The Directive has received widespread approval from consumer groups across the EU. Monique Goyens, Director General of The European Consumer Organisation, described the Directive as a "huge landmark to make justice available to all consumers."
Provided the Directive is implemented effectively in the national law of Member States – they are given considerable flexibility as to implementation – we expect to see a significant increase in consumer groups looking to bring representative actions, particularly in fields such as consumer products, data privacy, consumer rights and competition.
As a result of the Directive, access to remedies for infringements in these fields will become much more accessible to consumers across the EU. This is particularly the case given that individual consumers are unlikely to be burdened with the cost of such proceedings.
Consumer-facing businesses will face an increased risk of litigation in the EU as a result of the new regime introduced by the Directive. Essentially, it empowers consumers to bring actions and seek recovery where previously they may not have had the means or the appetite.
By shifting the financial and practical responsibility onto the shoulders of qualified entities and allowing them to take up the mantle of consumer protection, consumers are much more likely to engage and seek recovery for a range of different infringements.
If you're a product manufacturer or retailer, the Directive further emboldens consumer groups to seek repairs, replacements and refunds for products, or to seek injunctions to stop existing infringing practices (including the sale of defective products).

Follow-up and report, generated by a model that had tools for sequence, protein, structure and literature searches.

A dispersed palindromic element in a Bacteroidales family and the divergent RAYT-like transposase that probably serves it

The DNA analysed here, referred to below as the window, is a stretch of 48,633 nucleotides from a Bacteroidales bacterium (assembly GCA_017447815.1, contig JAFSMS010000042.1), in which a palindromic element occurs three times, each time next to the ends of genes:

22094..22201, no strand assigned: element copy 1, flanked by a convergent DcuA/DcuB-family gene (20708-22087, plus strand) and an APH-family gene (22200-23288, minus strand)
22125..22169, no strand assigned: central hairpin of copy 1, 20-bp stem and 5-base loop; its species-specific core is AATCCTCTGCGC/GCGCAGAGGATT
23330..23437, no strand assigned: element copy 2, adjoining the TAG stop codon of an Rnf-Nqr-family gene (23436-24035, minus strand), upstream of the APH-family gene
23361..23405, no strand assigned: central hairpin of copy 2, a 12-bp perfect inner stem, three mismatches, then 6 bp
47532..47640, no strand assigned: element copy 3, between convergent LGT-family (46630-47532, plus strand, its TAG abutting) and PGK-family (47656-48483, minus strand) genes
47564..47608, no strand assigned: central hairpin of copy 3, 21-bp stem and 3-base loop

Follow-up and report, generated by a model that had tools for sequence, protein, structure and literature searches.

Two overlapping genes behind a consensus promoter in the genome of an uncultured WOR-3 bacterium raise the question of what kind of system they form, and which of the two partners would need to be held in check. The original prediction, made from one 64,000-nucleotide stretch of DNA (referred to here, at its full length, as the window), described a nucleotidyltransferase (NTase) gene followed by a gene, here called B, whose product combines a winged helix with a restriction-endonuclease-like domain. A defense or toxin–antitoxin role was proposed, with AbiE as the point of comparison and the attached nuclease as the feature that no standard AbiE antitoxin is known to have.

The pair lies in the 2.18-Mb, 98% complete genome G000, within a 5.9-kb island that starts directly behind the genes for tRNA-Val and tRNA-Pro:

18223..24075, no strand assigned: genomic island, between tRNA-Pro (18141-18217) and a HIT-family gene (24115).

It's therefore more important than ever that you ensure your products are put through rigorous quality control and testing processes before they reach the market and consumers. Failure to do so may lead to a heightened risk of litigation and reputational damage for you as a business.
So, while collective actions were possible before, the Directive ensures that such actions are much more viable (and potentially much more efficient and straightforward) for consumer groups. We expect uptake to be significant when the Directive comes into force.
The Directive will now make its way back to the European Parliament, who should approve the Council's position before the end of this year, at which point the Directive will be formally adopted. It will enter into force on the 20th day following its publication in the Official Journal of the European Union.
Member States will then have two years in which to implement the Directive into national law (plus an additional six months in which the Member States have to start applying the provisions).
Consequently, we don't expect the Directive to come into substantial effect until the middle of 2023. We suggest that if your business is affected by the Directive – and most consumer-facing business will be – you regularly monitor the progress of implementation, especially if your business sells or markets products across several Member States.
No, not directly. As the Directive will only come into force after the end of the transition period (ending 31 December 2020), it will not be implemented as law in the UK.
However, the UK already has an established regime for collective redress (for example, collective actions over competition law claims and the use of group litigation orders in High Court litigation).
If the Directive becomes widely used across Europe we might expect to see collective actions used more frequently in the UK, especially if consumer groups start to have success. This might further encourage actions in the UK, employing existing procedures which, to date, are rarely used.
We regularly advise international and European businesses on the provisions of EU law that are captured by the Directive. As a result, we're uniquely placed to advise on the implications of the Directive for your business. If you need advice relating to the new representative actions regime and how your business or products may be affected, please get in touch.
by Multiple authors
by Multiple authors
Wilson v Beko  EWHC 3362 (QB)
by multiple authors